Destiny Reid, assistant director for strategy and programs in the University Office for Diversity and Inclusion, is among the first cohort chosen for the inaugural CEO Action for Racial Equity Fellowship. The program provides the opportunity for CEO Action signatories to advance societal racial equity through public policy. With nearly 250 employees from over 100 organizations, this is the biggest fellowship of its kind, governed by 20 CEOs from multiple industries and regions.
The fellowship aims to attract individuals with a wide range of skills who are energized by policy-driven social impact work. Destiny has a proven record, with a passion for politics, education and issues related to improving the lives of those in the foster care system. “I love being part of creating policy. I interned in the United States Senate in D.C. on policy surrounding foster care and education when I was a rising junior at East Carolina University,” she said.
Foster care is particularly important to Destiny, who grew up in the system and developed her diversity, equity and inclusion lens as a result. “I was raised by Caucasians until I was 12 or 13, so I thought that the world saw me as an equal up until that time,” she said. “When I moved into my Black, successful family—both went to college, the American dream—it was really eye-opening to [suddenly face] stereotypes and biases. That’s what sparked my interest in DEI work and coming into this space…in particular, my interest in how it impacts education. This is an opportunity for me to learn a different way to approach policy on education and add to [legislative] policy happening in the U.S. and also in corporations.”
When CEO Action brought their Check Your Blind Spots bus tour to the UNC campus in 2019 (UNC became a signatory of the program), the interactive mobile installation that taught nuances of unconscious bias made a powerful impact on Destiny. “I was so impressed by how comprehensive their messaging was. It was clear that they were serious about bringing about change…and I wanted to be a part of it.”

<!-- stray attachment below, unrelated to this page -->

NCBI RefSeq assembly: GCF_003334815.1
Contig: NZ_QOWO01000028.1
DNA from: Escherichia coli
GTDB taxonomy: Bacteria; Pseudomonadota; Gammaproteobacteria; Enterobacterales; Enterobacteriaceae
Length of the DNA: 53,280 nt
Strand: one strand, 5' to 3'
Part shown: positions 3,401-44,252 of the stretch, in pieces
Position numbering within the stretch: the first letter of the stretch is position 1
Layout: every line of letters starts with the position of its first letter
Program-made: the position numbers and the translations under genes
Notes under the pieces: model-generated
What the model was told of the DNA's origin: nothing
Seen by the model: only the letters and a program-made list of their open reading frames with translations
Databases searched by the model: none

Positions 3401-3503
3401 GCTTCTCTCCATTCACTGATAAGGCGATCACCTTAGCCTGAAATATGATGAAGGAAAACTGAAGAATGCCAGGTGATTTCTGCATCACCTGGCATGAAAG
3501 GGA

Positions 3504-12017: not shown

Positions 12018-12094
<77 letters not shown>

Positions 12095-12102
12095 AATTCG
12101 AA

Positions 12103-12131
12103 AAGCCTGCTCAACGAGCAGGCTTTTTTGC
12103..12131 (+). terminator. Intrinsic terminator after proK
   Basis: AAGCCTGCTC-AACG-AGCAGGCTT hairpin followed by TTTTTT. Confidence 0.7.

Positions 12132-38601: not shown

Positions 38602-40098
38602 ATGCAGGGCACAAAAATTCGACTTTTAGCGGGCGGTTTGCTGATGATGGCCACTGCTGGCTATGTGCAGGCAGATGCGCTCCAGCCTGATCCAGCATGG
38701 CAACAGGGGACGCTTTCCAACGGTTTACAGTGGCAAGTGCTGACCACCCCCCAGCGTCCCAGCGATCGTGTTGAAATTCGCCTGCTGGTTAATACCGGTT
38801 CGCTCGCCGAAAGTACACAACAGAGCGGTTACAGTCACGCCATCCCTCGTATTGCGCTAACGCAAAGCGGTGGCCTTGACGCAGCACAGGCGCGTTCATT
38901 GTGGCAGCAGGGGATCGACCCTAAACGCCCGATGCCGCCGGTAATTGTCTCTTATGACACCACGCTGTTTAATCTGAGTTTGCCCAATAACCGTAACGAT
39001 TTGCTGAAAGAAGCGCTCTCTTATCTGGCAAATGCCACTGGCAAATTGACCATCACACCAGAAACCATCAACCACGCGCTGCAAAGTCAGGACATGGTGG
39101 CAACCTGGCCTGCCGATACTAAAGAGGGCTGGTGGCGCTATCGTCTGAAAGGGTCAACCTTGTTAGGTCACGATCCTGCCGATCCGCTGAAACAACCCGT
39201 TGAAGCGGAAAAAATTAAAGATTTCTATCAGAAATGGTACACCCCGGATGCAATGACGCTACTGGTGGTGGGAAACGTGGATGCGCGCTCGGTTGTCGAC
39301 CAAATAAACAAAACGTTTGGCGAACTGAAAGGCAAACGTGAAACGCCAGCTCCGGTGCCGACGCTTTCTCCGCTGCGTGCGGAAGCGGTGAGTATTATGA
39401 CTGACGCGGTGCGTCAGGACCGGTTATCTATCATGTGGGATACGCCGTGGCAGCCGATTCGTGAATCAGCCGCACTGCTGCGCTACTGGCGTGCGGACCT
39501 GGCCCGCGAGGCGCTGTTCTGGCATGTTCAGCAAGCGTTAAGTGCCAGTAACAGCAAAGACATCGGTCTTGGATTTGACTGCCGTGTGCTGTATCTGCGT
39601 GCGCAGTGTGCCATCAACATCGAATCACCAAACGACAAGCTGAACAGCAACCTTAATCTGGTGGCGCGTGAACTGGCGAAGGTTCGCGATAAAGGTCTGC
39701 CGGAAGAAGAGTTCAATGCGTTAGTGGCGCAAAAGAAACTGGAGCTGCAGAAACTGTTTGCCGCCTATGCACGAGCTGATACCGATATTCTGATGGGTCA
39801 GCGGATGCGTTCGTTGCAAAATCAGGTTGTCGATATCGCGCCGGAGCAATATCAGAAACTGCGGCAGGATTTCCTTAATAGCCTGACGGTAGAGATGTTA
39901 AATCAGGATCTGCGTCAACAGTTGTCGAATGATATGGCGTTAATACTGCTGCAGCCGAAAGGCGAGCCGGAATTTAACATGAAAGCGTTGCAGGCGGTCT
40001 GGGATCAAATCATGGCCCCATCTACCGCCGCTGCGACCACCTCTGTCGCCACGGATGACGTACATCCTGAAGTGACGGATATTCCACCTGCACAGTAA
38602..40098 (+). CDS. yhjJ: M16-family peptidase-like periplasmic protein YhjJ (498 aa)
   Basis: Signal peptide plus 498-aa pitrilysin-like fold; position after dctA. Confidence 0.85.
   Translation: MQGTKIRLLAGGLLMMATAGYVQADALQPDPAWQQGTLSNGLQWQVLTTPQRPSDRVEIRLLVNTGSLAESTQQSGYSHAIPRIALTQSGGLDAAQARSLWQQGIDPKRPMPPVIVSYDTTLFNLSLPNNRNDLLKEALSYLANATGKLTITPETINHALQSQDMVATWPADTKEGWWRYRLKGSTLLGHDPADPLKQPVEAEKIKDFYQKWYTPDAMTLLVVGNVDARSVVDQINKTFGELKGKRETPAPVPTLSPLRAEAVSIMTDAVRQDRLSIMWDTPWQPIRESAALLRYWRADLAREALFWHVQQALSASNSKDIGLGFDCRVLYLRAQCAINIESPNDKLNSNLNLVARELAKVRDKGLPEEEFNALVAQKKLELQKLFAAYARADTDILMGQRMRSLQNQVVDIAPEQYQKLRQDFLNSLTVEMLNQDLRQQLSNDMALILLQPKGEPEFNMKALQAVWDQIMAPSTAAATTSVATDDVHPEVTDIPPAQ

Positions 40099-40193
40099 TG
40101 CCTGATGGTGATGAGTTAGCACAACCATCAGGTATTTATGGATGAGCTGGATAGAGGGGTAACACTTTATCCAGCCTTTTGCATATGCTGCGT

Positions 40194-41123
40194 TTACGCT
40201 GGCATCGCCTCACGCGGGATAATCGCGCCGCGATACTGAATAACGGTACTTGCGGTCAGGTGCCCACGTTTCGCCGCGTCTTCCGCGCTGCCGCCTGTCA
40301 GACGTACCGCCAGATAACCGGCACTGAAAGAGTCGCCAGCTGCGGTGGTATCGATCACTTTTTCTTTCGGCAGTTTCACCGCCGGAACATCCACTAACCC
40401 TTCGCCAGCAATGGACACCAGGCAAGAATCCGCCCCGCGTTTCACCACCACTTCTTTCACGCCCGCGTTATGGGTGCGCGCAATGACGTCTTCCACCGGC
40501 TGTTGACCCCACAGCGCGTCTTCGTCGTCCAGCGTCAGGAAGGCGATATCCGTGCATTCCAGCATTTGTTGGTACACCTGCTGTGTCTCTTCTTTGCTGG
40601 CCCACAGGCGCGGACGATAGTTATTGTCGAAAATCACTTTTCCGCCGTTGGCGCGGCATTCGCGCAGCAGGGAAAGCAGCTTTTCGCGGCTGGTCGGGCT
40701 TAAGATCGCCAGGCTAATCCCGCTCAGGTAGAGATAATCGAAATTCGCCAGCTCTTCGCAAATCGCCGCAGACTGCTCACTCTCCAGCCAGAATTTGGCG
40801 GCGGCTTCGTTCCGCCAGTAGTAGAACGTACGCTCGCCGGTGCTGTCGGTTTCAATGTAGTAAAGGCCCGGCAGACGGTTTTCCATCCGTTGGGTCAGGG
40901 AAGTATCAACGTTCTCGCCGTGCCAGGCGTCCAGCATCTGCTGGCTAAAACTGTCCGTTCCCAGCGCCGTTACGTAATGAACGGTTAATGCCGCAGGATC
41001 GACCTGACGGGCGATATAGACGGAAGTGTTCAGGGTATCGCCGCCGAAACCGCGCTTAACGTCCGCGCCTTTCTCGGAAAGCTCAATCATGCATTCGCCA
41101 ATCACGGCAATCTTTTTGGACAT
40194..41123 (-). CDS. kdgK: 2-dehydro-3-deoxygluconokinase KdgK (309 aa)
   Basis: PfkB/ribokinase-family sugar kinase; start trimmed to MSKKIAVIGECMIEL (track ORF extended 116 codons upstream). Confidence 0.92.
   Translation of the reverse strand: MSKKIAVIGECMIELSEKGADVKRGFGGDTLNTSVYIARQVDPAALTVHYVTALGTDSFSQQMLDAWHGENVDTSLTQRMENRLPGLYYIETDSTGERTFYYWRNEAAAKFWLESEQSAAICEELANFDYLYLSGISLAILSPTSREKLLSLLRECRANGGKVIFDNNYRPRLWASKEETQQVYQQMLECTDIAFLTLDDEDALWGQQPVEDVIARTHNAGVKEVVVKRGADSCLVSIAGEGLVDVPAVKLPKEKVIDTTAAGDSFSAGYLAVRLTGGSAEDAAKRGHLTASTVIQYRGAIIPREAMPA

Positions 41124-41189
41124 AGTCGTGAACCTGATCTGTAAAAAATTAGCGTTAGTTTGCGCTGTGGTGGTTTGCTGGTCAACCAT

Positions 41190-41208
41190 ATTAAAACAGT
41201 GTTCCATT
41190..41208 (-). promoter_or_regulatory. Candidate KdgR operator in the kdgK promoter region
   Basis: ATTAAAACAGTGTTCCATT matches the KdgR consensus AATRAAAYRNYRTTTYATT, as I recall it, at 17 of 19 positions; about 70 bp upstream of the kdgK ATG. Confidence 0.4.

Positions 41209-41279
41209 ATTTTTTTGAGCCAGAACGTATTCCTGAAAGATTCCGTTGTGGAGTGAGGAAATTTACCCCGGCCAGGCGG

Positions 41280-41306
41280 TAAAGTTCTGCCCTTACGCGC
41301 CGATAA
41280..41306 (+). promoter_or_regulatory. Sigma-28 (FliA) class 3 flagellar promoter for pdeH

Fellows in the program will identify and assess current policies in four key areas: healthcare, education, economic empowerment and public safety, and then recommend how existing polices can be amplified, changed to meet its intended purpose or propose new policies. They will then review polices through four key criteria: impact, effort, risk and status.
The only fellow from UNC-Chapel Hill, Destiny was assigned education as her focus, which is one of her primary interests. “I want to look at the hiring process in higher education, how it affects individuals and how it can be more equitable. I want to learn about economic empowerment surrounding diversity, equity and inclusion and how it applies to education. I’m also interested in what we can do for K-12 policy.”
As a fellow, she will conduct research on education policy, formulate ideas and then present them to the heads of the Fellowship so that she and her team can be matched to corporations who will evaluate their policies. From there, they will develop a plan and implement it. The corporations provide racial equity insights and analytic tools and a fellowship knowledge library.
Admittedly competitive, Destiny says, “I’m pretty confident in myself and with the team. I just want to take in as much knowledge and learn as much as I can. I’m a learner by nature. I cannot be complacent. This is a once in a lifetime opportunity and I’m so excited to be part of the inaugural group.”
Written by Adrianne Gibilisco